May 12, 2014 - 5:00pm

Why Obamacare’s Employer Mandate Isn’t Necessary


Senior Editor, Digital Content

Since Obamacare’s employer mandate has been delayed twice and even modified, researchers at the Urban Institute asked, “Why not just eliminate it?”

The answer Linda Blumberg, John Holahan, and Matthew Buettgens came up with is that doing so would remove a few of the barriers holding back employers from hiring, while not significantly reducing the number of people with health plan coverage. 

Here’s a quick refresher. Under Obamacare, employers with 50 or more full-time equivalent employees must offer affordable (defined by Washington) health coverage or potentially pay a penalty. The mandate’s penalty is calculated based on the number of full-time employees, which has been redefined as those working 30 hours or more per week. This has created a perverse incentive to cut workers’ hours and hire more part-time workers. This is already happening in both the private and public sectors.

The report states that eliminating the employer mandate “will remove labor market distortions that have troubled employer groups and which would harm some workers."

For example, employers wouldn’t have an incentive to cut workers’ hours to below 30 hours per week, and those small businesses just under 50 employees would no longer have the employer mandate as a barrier to hiring.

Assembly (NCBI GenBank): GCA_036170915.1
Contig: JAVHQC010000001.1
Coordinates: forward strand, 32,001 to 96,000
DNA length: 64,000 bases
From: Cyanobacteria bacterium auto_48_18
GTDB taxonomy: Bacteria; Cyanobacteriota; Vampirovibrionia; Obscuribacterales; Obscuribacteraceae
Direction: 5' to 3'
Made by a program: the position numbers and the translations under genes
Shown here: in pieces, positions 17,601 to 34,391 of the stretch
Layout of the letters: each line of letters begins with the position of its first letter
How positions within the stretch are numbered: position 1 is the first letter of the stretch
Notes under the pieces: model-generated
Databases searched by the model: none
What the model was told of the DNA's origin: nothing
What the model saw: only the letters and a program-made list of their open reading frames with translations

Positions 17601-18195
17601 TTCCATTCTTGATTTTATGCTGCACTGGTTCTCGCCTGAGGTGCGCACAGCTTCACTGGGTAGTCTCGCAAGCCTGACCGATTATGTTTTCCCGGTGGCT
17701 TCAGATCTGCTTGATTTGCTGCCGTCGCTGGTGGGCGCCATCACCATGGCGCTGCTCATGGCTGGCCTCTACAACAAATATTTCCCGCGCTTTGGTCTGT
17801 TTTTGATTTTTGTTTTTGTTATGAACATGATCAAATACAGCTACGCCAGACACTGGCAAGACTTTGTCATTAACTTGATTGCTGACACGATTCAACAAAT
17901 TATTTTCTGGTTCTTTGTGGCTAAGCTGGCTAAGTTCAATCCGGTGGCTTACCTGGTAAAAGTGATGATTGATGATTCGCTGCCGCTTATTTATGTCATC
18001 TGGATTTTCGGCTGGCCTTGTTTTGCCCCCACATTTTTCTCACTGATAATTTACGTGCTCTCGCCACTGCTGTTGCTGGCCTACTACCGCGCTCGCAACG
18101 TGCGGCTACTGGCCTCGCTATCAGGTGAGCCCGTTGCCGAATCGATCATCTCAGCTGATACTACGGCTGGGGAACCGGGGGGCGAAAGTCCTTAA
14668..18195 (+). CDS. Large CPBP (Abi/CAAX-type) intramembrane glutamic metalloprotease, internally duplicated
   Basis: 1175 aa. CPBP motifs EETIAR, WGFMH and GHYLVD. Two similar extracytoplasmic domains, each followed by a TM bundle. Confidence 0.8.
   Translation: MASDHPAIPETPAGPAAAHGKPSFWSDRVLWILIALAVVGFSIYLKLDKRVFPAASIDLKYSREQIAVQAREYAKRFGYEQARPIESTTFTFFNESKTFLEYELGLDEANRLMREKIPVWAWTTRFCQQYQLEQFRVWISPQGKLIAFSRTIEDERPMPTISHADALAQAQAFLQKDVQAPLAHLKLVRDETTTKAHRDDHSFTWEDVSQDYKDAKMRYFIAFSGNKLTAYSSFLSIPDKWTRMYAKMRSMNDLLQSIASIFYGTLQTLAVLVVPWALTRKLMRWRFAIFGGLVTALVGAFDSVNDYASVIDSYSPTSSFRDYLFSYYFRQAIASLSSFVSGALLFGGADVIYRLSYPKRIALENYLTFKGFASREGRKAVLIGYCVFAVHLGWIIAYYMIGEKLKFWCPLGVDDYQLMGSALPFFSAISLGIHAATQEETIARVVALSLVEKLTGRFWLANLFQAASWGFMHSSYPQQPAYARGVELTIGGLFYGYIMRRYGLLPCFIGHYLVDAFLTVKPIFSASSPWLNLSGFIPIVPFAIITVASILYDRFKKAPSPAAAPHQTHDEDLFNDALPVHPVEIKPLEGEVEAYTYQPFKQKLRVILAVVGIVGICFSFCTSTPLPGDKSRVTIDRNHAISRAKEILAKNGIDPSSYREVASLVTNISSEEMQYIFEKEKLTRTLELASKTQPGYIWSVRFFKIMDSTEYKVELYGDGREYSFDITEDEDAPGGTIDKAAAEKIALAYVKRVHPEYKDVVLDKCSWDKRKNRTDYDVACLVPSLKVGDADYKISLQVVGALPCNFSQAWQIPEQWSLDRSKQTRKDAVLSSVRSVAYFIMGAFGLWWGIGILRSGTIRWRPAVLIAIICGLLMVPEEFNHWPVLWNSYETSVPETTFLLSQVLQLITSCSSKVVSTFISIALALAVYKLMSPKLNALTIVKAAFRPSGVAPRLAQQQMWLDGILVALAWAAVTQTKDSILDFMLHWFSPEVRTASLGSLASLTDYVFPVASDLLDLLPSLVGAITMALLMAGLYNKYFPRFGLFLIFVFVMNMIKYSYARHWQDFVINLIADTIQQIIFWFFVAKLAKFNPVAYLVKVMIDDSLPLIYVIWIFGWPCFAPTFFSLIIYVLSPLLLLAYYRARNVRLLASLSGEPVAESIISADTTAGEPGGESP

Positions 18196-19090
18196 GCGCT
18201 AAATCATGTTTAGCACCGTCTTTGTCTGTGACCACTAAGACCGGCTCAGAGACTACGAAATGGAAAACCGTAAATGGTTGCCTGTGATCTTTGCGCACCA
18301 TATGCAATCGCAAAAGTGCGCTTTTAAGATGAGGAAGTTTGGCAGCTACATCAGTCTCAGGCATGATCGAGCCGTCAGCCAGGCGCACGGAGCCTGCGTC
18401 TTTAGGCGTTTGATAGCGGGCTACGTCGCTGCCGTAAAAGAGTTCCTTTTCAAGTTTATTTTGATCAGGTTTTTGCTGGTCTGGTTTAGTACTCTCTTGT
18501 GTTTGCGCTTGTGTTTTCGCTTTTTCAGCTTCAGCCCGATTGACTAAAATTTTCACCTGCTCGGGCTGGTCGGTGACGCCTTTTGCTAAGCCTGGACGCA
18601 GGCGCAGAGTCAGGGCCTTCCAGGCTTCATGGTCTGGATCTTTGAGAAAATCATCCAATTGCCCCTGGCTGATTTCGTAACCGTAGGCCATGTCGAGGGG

The employer mandate penalizes business for hiring employees. That makes no sense when putting people to work is so critical. By eliminating the employer mandate, we can remove one less burden keeping employers from hiring.

UPDATE: Last month, former White House Press Secretary Robert Gibbs predicted that the employer mandate would never go into effect:

“I don’t think the employer mandate will go into effect. It’s a small part of the law. I think it will be one of the first things to go,” he said to a notably surprised audience.

Follow Sean Hackbarth on Twitter at @seanhackbarth and the U.S. Chamber at @uschamber.

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About the Author

Sean Hackbarth
Senior Editor, Digital Content

Sean writes about public policies affecting businesses including energy, health care, and regulations. When not battling those making it harder for free enterprise to succeed, he raves about all things Wisconsin (his home state) and religiously follows the Green Bay Packers.